When’s the best time to buy an airline ticket? The answer, according to CheapAir.com’s analysis of more than 1.3 billion flights, is, “It’s complicated.”
If you want a hard and fast number, then the answer is 54 days out, if you’re traveling within the U.S. But of course, life isn’t that simple. A lot of the itineraries CheapAir offered are the cheapest tickets on other days, too. It was really a bit unpredictable. Which is the point CheapAir is trying to make, in no uncertain terms. “There is just no one magic number that you can rely on to create a calendar reminder x number of days in advance and know that that day is the best day to book,” the article states.
But there are rules. And that’s where you can be wise with your money. CheapAir divided the flight booking window into five different “zones,” from 11 months out to day-of purchases. What they found was that flight prices tend to start out high, slowly coming down and then climbing steeply back up again as the flight date approaches.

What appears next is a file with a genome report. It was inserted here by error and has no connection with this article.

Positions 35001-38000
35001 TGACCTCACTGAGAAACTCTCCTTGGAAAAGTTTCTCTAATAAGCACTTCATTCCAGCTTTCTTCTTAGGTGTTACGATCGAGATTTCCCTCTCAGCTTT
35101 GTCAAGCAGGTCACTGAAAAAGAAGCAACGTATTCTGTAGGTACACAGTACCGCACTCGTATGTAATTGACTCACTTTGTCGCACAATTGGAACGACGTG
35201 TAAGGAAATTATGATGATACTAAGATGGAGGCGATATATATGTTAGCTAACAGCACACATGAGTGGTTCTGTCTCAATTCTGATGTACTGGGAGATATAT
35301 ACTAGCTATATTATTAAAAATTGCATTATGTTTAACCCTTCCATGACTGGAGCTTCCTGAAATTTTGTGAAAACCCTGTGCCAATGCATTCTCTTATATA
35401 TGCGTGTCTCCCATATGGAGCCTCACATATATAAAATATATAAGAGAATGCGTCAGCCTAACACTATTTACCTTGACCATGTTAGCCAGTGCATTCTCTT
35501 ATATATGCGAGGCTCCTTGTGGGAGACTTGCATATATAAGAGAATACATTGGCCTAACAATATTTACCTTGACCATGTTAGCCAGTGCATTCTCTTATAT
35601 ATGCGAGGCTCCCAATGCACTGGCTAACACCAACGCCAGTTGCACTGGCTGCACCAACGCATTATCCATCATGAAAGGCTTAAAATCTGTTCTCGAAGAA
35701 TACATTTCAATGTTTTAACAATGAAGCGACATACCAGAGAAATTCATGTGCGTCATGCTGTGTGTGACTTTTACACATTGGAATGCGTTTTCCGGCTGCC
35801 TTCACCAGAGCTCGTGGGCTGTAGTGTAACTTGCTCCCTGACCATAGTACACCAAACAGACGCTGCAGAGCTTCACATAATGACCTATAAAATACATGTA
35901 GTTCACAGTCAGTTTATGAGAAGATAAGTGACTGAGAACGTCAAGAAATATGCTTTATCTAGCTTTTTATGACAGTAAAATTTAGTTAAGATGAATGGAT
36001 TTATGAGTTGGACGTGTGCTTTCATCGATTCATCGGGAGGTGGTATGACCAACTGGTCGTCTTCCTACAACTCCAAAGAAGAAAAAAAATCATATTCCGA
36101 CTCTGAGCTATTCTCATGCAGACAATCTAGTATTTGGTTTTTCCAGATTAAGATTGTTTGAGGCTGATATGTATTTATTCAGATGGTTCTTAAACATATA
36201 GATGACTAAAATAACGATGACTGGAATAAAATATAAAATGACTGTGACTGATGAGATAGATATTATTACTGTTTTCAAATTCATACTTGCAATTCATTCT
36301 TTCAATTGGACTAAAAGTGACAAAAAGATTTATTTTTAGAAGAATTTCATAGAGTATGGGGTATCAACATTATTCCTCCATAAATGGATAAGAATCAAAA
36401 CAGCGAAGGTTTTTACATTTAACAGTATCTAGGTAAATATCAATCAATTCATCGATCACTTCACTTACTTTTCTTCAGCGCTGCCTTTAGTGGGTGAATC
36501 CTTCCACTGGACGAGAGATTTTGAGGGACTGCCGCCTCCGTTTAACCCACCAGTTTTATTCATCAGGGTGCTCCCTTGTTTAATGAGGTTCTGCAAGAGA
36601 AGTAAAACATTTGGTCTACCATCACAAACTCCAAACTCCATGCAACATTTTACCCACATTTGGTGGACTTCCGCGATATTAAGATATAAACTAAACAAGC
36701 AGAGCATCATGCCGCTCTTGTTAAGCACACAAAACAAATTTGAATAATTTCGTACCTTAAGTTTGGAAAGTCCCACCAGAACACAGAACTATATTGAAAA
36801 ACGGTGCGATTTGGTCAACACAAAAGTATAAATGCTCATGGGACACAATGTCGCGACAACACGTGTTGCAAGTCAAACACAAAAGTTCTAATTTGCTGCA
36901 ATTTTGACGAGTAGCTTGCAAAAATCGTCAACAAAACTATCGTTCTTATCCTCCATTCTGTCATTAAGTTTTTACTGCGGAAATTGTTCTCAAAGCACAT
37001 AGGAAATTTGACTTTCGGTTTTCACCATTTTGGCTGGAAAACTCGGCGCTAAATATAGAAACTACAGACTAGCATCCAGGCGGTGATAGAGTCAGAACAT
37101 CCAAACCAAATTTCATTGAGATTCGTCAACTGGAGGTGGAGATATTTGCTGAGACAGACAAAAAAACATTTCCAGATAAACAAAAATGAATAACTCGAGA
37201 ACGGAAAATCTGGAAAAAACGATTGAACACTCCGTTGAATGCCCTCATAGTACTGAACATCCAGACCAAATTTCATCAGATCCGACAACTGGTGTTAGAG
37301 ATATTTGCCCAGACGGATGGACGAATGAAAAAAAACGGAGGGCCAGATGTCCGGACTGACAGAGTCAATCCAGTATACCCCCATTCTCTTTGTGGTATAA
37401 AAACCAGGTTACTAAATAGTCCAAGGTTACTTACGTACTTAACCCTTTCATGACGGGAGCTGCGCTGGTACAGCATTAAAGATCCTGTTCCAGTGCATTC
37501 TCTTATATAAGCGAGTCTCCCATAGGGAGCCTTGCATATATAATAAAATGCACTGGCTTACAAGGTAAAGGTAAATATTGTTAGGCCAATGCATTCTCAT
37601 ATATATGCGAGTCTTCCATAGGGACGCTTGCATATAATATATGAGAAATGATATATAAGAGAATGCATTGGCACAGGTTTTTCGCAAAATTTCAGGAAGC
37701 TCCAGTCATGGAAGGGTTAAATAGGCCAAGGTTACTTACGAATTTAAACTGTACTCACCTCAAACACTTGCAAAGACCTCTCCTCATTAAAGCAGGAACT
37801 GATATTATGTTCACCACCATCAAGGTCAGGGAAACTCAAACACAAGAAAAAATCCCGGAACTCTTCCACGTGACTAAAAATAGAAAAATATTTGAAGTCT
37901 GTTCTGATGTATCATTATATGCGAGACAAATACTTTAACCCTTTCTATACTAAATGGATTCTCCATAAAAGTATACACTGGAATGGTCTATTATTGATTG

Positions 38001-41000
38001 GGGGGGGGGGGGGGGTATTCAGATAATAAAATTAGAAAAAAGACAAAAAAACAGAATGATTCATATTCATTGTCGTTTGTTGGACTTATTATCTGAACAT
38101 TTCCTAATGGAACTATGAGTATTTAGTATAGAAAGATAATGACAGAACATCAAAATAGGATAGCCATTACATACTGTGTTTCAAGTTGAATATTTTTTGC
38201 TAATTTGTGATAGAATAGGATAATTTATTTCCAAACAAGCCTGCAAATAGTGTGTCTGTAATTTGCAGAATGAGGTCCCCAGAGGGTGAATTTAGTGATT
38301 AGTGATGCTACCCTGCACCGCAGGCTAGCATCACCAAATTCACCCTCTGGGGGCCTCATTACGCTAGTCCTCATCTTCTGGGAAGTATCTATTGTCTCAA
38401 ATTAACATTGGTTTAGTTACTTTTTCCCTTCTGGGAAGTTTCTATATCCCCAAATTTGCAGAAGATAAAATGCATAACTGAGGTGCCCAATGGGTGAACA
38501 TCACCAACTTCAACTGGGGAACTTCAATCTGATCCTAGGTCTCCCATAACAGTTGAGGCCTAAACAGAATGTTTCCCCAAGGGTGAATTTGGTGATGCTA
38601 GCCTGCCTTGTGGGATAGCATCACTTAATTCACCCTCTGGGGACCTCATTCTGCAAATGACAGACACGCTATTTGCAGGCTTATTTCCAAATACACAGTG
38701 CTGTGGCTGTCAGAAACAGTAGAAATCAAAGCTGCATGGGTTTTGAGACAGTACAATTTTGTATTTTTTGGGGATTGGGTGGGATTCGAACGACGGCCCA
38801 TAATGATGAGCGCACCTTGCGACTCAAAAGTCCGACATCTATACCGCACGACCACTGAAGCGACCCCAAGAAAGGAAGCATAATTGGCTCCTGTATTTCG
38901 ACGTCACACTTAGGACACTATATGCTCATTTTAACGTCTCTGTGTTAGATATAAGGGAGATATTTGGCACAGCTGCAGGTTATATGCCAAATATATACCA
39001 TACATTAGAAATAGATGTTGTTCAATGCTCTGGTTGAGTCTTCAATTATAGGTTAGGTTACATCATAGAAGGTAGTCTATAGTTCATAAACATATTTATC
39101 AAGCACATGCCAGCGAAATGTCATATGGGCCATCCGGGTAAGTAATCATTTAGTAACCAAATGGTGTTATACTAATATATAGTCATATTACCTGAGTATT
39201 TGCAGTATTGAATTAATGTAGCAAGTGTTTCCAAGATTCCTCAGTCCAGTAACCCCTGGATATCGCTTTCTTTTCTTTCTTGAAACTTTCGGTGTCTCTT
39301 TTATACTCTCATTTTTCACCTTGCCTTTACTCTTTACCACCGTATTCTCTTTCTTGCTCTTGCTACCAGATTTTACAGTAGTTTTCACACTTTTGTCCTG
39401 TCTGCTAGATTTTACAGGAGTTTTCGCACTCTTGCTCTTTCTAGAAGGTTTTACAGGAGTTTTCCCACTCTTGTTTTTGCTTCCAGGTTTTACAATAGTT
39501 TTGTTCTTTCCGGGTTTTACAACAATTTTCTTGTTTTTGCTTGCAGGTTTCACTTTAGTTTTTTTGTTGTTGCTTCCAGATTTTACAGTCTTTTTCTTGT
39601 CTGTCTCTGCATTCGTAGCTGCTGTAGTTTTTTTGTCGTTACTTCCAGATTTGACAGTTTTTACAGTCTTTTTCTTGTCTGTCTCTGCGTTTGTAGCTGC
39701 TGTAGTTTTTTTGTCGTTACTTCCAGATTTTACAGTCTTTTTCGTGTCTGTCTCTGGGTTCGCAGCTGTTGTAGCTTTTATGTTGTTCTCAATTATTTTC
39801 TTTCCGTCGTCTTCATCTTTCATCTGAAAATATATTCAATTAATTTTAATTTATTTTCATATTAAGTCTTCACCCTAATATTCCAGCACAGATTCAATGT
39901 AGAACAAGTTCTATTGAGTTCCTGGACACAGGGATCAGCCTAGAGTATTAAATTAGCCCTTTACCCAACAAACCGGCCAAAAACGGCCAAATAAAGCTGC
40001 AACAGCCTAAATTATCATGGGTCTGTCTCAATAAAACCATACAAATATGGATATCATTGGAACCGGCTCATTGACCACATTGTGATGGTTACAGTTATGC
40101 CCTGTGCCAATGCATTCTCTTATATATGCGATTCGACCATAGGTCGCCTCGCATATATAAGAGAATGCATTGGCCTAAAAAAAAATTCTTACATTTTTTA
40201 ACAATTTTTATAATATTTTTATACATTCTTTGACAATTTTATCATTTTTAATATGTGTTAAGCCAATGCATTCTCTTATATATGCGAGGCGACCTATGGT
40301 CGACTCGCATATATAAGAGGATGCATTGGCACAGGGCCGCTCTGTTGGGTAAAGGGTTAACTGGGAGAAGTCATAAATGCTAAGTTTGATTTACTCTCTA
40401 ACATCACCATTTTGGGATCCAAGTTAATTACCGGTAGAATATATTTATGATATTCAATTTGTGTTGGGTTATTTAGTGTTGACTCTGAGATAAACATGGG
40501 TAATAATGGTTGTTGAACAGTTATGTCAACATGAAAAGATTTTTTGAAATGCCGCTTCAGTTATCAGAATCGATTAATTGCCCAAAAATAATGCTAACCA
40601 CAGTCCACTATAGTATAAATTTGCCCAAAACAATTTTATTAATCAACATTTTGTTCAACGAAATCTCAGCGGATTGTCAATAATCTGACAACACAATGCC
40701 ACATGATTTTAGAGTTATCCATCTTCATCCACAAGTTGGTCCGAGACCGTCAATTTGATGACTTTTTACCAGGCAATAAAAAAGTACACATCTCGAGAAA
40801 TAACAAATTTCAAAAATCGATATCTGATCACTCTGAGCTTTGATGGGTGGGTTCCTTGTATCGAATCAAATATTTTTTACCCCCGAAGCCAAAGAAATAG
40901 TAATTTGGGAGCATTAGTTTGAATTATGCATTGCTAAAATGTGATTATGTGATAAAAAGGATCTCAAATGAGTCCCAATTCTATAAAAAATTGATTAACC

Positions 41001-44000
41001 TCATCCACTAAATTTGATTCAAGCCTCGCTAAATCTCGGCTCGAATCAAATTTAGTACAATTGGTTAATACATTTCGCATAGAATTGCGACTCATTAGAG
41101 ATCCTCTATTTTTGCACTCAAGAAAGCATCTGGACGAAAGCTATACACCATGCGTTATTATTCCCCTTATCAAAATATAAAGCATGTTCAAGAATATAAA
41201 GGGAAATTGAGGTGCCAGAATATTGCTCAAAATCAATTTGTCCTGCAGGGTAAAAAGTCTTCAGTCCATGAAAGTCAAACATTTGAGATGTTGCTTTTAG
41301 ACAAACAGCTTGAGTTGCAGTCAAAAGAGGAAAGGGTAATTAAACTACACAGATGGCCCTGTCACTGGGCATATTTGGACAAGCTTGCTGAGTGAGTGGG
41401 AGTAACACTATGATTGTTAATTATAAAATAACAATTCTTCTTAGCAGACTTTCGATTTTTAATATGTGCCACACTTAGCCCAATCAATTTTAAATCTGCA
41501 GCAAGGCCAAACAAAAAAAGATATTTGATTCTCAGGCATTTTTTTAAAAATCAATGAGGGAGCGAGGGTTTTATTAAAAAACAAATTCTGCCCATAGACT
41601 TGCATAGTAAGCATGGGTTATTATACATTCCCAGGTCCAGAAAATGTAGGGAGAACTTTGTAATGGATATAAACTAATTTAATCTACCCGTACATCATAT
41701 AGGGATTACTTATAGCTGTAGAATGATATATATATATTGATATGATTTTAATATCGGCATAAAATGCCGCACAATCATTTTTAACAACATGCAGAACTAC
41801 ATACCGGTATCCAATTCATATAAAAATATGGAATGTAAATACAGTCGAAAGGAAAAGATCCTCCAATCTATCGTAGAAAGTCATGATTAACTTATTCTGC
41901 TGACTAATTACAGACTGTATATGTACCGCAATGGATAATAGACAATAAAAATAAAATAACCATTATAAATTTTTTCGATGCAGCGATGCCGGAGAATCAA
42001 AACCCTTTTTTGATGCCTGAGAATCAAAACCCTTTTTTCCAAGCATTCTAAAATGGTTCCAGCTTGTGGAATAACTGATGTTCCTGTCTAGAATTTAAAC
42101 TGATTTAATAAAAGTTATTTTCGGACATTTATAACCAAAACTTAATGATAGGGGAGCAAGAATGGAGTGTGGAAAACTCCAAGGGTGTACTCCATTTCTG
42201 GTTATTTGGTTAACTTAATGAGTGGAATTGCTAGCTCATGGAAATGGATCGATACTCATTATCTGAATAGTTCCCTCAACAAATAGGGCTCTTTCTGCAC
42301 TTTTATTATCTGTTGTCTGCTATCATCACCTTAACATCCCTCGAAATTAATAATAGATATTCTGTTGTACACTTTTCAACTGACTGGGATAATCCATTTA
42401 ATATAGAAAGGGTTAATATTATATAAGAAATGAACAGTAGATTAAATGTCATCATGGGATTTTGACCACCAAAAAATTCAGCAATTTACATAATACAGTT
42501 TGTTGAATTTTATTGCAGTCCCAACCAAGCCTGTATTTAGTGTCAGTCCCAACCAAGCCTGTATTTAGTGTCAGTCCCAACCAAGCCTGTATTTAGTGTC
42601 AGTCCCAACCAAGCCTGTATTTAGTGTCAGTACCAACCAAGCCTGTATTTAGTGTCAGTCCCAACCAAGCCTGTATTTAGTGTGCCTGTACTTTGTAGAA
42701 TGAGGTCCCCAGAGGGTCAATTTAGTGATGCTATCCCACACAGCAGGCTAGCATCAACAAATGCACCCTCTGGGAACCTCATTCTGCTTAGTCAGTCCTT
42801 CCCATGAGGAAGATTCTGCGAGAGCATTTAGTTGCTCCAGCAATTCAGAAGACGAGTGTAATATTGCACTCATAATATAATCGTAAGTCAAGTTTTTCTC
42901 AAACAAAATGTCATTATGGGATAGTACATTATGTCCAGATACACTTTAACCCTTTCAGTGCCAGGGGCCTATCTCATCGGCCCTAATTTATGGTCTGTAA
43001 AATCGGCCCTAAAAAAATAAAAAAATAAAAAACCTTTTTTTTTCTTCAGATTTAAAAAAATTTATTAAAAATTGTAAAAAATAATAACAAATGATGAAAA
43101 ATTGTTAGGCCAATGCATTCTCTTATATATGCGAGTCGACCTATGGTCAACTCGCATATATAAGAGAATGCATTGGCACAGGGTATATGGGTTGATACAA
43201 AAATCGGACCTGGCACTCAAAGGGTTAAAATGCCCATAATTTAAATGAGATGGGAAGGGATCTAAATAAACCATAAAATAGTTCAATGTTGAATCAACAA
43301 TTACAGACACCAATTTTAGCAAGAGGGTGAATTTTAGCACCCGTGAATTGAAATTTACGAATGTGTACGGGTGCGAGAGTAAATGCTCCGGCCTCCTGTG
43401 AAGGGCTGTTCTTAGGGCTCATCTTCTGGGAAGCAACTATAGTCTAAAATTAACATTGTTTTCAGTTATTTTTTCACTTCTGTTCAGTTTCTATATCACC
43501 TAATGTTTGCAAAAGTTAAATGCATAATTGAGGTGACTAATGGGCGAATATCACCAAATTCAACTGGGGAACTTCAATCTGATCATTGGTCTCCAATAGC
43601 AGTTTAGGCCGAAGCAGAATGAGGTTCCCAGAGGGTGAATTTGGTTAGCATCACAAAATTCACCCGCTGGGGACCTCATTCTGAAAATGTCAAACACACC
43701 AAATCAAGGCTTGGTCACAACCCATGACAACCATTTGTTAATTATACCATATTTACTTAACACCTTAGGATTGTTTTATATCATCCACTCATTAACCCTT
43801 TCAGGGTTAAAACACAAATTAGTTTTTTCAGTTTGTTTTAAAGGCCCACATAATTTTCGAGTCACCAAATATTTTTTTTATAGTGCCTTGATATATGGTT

The TL;DR of the whole article is that you should book when it feels right to you. If you have specific times you need to be flying, or need, say, an aisle seat, it’s best to book out as far in advance as you can, when you have the best options. You’ll pay about $50 more for your ticket than you would be paying in the prime booking window, but that increased cost comes with increased flexibility. On the other hand, if you’re willing to chance it and aren’t going any place incredibly popular (think New Orleans mid-February), you can hold off on booking until two to three weeks out. You might score a deal, you might not.
Unequivocally, the worst time to purchase tickets is any time within two weeks of takeoff. You’re not going to score any last-minute deals. In fact, you’ll end up paying at least $75 more than you would have during the prime booking window.
As CheapAir points out, while it would be nice to be done with the game of booking times and have fixed airline prices, “it’s a unique marketplace, more like playing the stock market than anything else.” As long as we’ve got some rules to go off of, we’ll keep playing the game.